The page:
That’s not necessarily true. Fairphone can provide information to make this possible beforehand. My understanding is they also plan to do that. IIRC, Fairphone staff promised a blog article some time in summer.
The new FairPhone looks great, but is too expensive. The price has grown from 310 € to 525 €, 69 % more.
Personally I bought a FP1U because I was looking a upper middle range phone, and despite FairPhone was a more expensive than other phones in the same range, I made the effort because I believe in the project and I wanted characteristic like dual-sim and removable battery .
But FP2 wouldb be far of my reach: I think that FP1 public was small because of the price; FP2 public is even smaller.
While publicity for FP1 wasn’t overwhelming, I think it was a success: Many large newspapers and TV stations reported on it.
From my perspective publicity for FP2 is even larger because the announcement to plan a new edition alone was picked up by many media outlets already. Have a look at this post, which also lists many articles about FP2:
I also thinks that FP1 was a success, and I am really proud of having one, but it was expensive, and if i didn’t bought a Moto G or similar, 100 € cheaper, it was because I believe in the targets of this company.
But as I said, now I would not buy a FP2 because is really expensive.
Yeah, many people agree that it is too expensive, and the price is definitely much higher than the previous edition or other cheap (but sometimes very good like Moto G) smartphones.
Still, as we’ve discusses a lot already, it depends on your point of reference whether it is too expensive. Millions and millions of people buy much more expensive phones like iPhones, Samsung Galaxy phones, etc.
I am sure that FP2 is a great product (I love the idea of modular components, for example); I am sure that 525 € is a right price; I am sure that there people wishing to buy it, specially when it looks like is going to be sold outside europe.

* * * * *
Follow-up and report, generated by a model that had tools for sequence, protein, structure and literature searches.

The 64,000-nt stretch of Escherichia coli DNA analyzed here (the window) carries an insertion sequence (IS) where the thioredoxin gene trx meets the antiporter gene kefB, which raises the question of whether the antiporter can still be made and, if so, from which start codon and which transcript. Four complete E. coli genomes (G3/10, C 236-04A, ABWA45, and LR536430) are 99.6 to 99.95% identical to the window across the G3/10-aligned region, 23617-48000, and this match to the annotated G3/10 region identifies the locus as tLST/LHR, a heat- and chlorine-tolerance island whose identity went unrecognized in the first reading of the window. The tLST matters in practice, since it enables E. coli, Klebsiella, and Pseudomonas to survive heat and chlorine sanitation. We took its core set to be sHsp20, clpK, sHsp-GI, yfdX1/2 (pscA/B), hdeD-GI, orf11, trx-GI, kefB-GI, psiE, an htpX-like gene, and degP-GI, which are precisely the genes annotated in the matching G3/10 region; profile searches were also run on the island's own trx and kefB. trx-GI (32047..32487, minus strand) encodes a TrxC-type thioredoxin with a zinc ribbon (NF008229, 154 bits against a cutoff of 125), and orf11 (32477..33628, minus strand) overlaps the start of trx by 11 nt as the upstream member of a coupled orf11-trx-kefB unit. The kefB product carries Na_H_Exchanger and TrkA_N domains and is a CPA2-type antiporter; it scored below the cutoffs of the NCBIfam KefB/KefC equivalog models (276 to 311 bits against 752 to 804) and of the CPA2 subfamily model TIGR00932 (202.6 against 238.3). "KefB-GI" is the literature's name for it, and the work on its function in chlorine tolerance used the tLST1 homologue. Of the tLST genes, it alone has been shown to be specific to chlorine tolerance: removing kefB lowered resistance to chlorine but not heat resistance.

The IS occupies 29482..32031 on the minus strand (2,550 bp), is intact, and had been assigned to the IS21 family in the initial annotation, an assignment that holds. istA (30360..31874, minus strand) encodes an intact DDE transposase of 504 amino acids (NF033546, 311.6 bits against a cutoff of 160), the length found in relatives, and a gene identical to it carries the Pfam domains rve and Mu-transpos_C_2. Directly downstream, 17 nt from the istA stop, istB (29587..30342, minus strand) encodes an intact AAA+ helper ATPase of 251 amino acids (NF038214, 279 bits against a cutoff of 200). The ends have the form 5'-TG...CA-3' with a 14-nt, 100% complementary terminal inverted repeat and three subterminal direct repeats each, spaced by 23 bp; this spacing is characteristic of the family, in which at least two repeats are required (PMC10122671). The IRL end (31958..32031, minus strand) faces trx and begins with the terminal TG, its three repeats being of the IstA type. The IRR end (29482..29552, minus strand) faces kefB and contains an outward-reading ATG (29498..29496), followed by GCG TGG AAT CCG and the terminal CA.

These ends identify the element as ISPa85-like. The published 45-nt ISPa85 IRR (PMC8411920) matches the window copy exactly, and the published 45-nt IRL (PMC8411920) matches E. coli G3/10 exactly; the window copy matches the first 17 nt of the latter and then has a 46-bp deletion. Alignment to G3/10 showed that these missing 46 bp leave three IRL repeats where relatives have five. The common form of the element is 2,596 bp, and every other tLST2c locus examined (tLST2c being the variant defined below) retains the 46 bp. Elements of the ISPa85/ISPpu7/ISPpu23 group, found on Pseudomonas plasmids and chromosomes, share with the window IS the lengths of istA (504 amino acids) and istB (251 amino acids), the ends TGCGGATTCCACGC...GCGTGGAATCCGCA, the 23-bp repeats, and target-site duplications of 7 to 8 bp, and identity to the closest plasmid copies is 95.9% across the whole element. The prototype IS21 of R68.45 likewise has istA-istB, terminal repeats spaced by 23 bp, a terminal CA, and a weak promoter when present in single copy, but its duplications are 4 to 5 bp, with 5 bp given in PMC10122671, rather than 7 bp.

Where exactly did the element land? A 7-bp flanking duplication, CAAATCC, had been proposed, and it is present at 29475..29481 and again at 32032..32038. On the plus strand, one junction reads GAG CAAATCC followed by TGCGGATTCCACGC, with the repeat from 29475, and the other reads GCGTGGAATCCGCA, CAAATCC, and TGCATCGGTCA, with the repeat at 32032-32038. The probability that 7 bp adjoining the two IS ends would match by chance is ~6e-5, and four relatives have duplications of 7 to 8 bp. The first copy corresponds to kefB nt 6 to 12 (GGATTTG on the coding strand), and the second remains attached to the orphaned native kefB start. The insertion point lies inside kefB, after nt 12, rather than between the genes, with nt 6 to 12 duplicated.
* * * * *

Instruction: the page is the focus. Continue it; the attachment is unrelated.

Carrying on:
But now is an exclusive product.
Saving the diferences is like a Tesla Car: is a great car, great for the environment, all the media talks about it, it sells good… however is four times more expensive that a common car and I have never seen one in Spain.
@Narkha I’m not sure you are correct in saying that a higher price equals a greater exclusivity.
Of course, less people will be able to buy the more expensive phone. But, importantly, more people are willing to buy it if they think it’s worth the price. The mobile phone market is a weird one: the more expensive phones have a greater target audience, if the specs are better.
@RL1 if we talk about specs I can buy phones with similar or better specs than FP2 for the half of price: http://www.bq.com/gb/aquaris-m5
And we are not talking about buy coffe for 2-3 € more or less, we are talking about 250 € of diference.
I am sure that this is not the target of the new phone, but its price limits the amount of people that can access to it and what it represents only for their incomes. Call it exclusivity or whatever you want.
What decisions do you mean? The only decisions Fairphone made software-wise that I know of are to try and support software updates for as long as possible and to make it as easy as possible for alternative OSs to be installed. Don’t forget that the FP2 was just announced and is not for sale yet, so we may know more about this before it will be for sale.
I don’t know a single vendor that guarantees long-term software support. Fairphone expresses their wish to try to accomplish it. That’s better than what you get with virtually any other manufacturer.
Fairphone 2 will come with Android preinstalled. I don’t know what you mean here.
Android is an open source operating system. Additionally Fairphone is actively trying to get more operating systems available for Fairphone 2. Just as above: They can’t give us guarantees, because third parties are involved.
I am glad that Fairphone understands the need for free software to be able to own your device. Maybe the FP3 or an upgrade to the FP2 will be the first phone with 100% free firmware in a long time.
Keeping my fingers crossed that the talks with Canonical or at least with Jolla are successful and that the FP2 ships with non-android options, but even if not, having the help of the manufacturer for community ports is really great. Thank you Fairphone in advance! May you live long and prosper.
Before i decided to buy a FP2 i briefly investigated ways to use some more free and open OS in some other high end phone. I realise i did not have the time.
I ordered now a FP2 because of their efforts of both “fairness” and that they strive also towards a free and open OS.
I realise it is much work, especially as some people have some apps or some specific OS they just need to run , so maybe it should be offered with alternate OS:es. Something that i.e the little ODROID-XU4 micro computer can.